Colgate Selden, counsel in Alston & Bird’s Financial Services & Products Group, was quoted on the recent Consumer Financial Protection Bureau (CFPB) consent order against Franklin Loan Corporation.
“The CFPB is looking closely at business practices of all companies, despite their size, and it should not be a surprise that they focused on Franklin Loan,” said Selden. “Apparently, the CFPB did not impose a civil penalty to avoid the company filing for bankruptcy, which could result in consumers not receiving anything in the near term. There could, however, still be private civil actions, which may take a significant toll on the company in addition to the compensation recovered for consumers.”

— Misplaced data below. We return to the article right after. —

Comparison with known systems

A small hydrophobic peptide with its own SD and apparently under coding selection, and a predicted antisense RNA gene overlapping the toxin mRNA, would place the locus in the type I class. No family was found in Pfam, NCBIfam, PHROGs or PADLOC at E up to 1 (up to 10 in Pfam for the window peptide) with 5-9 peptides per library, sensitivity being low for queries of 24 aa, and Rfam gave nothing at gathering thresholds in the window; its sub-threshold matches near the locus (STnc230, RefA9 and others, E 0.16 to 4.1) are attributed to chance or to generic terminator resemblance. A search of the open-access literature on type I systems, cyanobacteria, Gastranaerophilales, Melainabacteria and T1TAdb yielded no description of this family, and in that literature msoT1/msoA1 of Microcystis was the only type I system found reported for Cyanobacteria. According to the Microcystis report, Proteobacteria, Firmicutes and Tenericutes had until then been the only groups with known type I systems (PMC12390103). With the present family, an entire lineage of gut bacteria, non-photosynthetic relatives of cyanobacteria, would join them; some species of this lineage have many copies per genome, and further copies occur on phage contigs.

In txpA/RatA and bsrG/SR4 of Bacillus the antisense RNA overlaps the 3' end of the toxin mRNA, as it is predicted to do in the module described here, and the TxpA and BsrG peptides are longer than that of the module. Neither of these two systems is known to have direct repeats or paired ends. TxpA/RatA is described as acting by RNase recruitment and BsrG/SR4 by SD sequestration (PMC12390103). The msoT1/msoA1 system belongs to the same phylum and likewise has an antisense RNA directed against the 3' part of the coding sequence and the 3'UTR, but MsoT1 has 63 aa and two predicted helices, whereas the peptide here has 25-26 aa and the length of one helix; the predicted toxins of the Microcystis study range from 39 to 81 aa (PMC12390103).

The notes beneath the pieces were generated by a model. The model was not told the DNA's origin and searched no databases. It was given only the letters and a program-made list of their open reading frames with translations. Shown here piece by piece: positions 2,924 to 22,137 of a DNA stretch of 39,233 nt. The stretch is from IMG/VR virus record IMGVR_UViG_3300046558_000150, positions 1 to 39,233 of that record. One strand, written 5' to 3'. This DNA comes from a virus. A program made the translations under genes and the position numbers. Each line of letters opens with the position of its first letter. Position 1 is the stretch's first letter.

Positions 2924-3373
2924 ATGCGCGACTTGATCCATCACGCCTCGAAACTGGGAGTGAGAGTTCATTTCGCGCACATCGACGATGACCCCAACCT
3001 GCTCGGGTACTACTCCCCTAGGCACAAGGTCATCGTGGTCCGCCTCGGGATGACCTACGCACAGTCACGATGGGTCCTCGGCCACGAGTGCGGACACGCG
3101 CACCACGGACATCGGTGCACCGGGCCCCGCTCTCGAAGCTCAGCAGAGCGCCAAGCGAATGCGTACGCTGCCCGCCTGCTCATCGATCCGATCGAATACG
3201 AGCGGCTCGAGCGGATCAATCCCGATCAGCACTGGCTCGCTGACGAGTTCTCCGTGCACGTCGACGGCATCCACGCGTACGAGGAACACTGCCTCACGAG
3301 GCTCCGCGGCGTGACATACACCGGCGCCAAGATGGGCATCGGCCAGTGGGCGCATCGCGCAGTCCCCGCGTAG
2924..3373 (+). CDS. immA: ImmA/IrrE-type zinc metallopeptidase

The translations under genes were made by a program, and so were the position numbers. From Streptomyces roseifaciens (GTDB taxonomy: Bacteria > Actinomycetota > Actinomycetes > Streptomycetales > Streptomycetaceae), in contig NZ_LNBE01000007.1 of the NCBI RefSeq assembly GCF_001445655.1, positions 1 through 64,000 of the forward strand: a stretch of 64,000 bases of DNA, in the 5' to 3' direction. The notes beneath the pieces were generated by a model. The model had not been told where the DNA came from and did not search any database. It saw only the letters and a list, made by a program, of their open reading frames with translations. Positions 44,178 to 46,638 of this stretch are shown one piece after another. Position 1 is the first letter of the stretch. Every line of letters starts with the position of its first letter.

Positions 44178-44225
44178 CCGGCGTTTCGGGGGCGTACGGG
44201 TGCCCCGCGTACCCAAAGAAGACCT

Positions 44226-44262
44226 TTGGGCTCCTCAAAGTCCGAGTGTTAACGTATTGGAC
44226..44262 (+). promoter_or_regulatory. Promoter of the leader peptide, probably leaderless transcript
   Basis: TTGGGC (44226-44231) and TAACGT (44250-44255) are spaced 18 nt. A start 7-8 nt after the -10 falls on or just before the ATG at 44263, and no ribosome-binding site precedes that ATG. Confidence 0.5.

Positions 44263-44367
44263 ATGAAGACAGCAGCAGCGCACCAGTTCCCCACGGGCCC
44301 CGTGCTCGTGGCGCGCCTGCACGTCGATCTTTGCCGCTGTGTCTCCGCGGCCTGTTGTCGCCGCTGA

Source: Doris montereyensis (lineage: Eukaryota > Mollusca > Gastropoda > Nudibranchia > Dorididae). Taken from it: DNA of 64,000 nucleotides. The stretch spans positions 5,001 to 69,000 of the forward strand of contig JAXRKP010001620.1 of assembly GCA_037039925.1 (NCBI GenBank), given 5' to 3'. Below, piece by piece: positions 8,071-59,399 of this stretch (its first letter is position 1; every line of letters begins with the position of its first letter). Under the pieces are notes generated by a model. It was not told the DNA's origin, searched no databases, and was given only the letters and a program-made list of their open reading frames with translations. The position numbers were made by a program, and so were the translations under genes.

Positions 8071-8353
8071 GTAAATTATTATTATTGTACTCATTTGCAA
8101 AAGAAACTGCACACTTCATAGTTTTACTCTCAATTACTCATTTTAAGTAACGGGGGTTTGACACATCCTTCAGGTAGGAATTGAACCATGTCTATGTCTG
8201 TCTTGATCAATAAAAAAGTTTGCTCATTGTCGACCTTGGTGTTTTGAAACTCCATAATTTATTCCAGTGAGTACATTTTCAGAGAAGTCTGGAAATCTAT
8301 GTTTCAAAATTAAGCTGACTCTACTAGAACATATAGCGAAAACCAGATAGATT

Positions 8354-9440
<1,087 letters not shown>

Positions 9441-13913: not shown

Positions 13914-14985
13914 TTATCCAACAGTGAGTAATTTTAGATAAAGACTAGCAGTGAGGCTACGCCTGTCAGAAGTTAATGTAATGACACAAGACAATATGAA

Selden added: “The new Loan Originator Compensation Rule eliminated the legitimate business expense safe harbor due to potential abuses such as ‘expense accounts’ in this case funded through loan terms that paid loan originators excess funds after expenses were paid. The industry should expect that the CFPB will pursue further actions similar to this even for compensation methods only used under the old Loan Originator Compensation Rule. The CFPB is also looking at how compensation plans were changed just after the old rule came out. In this case, the violation was a result of the company wanting to pay people effectively the same as before the old rule but through a different mechanism. The CFPB will likely use the timing of such changes (that effectively maintained old or similar transaction term-based compensation practices through different mechanisms) as evidence of intentional violations of TILA. The new CFPB rule does have a limited profit sharing safe harbor that could provide relief for certain types of bonuses, which otherwise would violate the rule.”